No matter whether you are rich or earn just enough to support your family, everyone needs an estate plan despite how much they earn. It is one of the most important duties of a person to plan their estate before they die. This prevents confusion and disagreements after you die, plus your assets can be distributed in the way you want.
If you are considering creating an estate plan and do not know anything about it, you should learn a few terms before getting started. For more information and to get to know the term in-depth, consider speaking to an Estate Planning Attorney today.
Common but important terms in estate planning
- Estate: A person’s estate is everything they own, including money and property.
- Estate planning: Estate planning is the process of arranging your assets and preparing tasks to manage one’s money and property in the event of death or incapacitation. The estate plan decides how your property will be divided after you become incapable of making the same decision.
- Asset: An asset is a property that a person owns at the time of death. This includes bank accounts, real estate, jewelry, artwork, investments, retirement savings, household furnishings, business, computers, vehicles, smartphones, and debts owed.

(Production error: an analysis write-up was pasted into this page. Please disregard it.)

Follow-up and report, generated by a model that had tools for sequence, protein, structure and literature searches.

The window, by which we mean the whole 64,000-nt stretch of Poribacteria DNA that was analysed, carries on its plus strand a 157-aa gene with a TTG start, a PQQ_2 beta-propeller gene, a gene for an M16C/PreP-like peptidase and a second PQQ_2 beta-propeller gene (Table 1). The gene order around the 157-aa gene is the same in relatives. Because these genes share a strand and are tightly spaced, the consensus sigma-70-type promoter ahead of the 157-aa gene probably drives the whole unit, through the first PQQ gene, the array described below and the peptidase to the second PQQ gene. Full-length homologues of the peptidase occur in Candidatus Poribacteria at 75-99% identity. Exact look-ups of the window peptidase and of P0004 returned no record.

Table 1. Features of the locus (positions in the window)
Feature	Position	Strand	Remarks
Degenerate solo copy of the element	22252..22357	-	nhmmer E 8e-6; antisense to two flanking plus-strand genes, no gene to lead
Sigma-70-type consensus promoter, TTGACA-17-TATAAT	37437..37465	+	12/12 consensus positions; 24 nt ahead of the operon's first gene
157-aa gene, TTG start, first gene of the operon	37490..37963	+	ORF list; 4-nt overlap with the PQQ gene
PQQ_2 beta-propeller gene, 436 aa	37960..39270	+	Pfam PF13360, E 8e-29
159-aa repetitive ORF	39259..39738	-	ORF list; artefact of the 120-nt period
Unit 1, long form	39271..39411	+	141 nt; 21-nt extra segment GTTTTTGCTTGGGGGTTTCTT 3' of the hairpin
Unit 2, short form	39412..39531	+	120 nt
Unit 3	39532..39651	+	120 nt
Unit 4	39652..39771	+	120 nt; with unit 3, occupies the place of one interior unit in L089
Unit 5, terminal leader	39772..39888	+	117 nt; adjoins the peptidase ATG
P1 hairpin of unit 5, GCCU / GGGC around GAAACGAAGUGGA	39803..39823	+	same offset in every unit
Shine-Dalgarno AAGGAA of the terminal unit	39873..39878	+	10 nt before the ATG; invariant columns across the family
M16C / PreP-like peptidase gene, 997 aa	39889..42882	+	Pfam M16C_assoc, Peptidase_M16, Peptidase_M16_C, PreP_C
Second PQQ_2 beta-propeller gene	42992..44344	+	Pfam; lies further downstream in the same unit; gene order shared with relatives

- Will or Last Will and Testament: A Will is a legal document specifying how your property will be distributed among your family members, friends, or anyone you want upon your death. This makes sure the distribution takes place without any disagreements or disputes in the family.
- Trust: A trust sets aside money or property for a person that the grantor wants to give to someone in the future. Investment accounts, houses, and cars are examples of what you can hold in trusts. Trusts also avoid taxes and probate, a great way to make gifts for your loved ones.
- Probate: When a person dies, their Will is analyzed by the court to check whether it is valid or not. People who pass without a Will cannot have their way with their estate. The court makes decisions on who receives which asset and how the debts are paid.
- Executor: After a person’s death, the Executor looks after the probate process and makes sure everything goes according to the deceased person’s wishes. They are also responsible for overseeing that the instructions are carried out well.
- Guardian: If you have minor children, you can pick someone to be the guardian of your kids. A guardian looks after minor children or children who are mentally or physically unable to look after themselves. They also get the authority to make decisions about their child’s life.